Somboon’s system will use 15 chemical-sensing microchips, or electronic noses, to pick up a broad range of aromas. These are then used to create a digital recipe from a set of 96 chemicals that can be chosen according to the purpose of each individual gadget. When you want to replay a smell, drops from the relevant vials are mixed, heated and vaporised. In tests so far, the system has successfully recorded and reproduced the smell of orange, lemon, apple, banana and melon. “We can even tell a green apple from a red apple,” Somboon says.
The suggestion is that this technology will allow customers to “smell before they buy,” but I bet you dimes to dollars that it’s only a matter of time before pre-adolescent boys are using it to record gross smells and play it back to their friends. Kids can be so cruel.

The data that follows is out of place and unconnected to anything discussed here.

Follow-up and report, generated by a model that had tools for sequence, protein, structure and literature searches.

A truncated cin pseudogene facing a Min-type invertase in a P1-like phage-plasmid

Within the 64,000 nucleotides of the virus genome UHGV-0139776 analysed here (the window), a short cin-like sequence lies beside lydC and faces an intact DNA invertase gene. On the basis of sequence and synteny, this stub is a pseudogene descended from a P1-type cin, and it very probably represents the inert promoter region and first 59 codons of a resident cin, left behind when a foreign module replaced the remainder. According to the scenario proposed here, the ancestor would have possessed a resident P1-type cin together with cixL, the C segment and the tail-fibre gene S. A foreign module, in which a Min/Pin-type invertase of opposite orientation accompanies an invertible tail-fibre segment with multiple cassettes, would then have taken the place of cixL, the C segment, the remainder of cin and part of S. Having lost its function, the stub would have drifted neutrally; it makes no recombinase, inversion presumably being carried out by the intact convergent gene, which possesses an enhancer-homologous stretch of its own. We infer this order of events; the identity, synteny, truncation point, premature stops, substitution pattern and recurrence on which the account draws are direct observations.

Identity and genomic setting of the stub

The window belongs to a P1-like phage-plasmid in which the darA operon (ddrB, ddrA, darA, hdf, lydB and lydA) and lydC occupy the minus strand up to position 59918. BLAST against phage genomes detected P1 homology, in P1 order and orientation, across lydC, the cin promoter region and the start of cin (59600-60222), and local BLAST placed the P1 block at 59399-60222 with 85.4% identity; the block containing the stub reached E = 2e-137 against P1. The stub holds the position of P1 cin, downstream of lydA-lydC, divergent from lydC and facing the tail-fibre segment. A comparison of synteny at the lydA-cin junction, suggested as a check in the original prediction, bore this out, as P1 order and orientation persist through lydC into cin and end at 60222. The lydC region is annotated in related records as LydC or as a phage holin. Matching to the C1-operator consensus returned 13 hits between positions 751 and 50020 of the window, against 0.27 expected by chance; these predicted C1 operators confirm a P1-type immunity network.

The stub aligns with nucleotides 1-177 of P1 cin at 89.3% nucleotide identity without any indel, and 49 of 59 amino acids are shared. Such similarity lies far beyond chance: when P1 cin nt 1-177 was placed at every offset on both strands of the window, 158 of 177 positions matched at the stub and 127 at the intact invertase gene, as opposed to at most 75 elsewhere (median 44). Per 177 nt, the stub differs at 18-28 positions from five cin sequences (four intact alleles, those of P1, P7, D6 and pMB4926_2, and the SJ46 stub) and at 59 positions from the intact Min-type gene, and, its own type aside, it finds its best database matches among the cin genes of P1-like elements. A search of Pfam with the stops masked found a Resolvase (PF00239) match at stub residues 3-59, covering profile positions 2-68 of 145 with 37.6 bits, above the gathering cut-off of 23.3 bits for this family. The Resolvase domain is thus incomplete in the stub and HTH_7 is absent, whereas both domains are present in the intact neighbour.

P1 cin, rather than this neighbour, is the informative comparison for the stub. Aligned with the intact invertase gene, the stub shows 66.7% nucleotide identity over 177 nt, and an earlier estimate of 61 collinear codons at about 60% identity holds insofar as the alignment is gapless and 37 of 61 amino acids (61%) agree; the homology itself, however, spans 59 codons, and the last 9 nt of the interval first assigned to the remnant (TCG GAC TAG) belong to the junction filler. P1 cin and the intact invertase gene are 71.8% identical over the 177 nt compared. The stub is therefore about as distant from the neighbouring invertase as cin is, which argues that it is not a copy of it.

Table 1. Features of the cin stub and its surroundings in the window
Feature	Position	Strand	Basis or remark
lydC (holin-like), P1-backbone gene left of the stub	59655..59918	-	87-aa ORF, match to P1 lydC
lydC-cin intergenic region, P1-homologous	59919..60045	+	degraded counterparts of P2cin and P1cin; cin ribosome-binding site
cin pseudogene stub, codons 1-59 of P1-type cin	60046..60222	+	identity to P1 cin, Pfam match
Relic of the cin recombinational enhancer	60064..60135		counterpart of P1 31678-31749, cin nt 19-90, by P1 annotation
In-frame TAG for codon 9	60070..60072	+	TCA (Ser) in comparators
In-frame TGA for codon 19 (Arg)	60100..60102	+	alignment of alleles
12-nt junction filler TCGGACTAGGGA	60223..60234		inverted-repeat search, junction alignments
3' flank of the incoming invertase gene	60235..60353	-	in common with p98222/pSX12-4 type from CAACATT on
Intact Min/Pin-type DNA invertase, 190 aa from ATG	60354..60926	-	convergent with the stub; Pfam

Reproducing smells has been tried before.
(pictured) was one in a long line of inventions in the 1950s and 1960s that were supposed to keep movie theaters competitive against the encroachments of television (3D movies were another). The device worked similarly, except that instead of mixing chemicals, it used a number of scents distilled from actual objects and placed into vials. The smells could then be “piped” into the theater. It was not, unsurprisingly, a resounding success.
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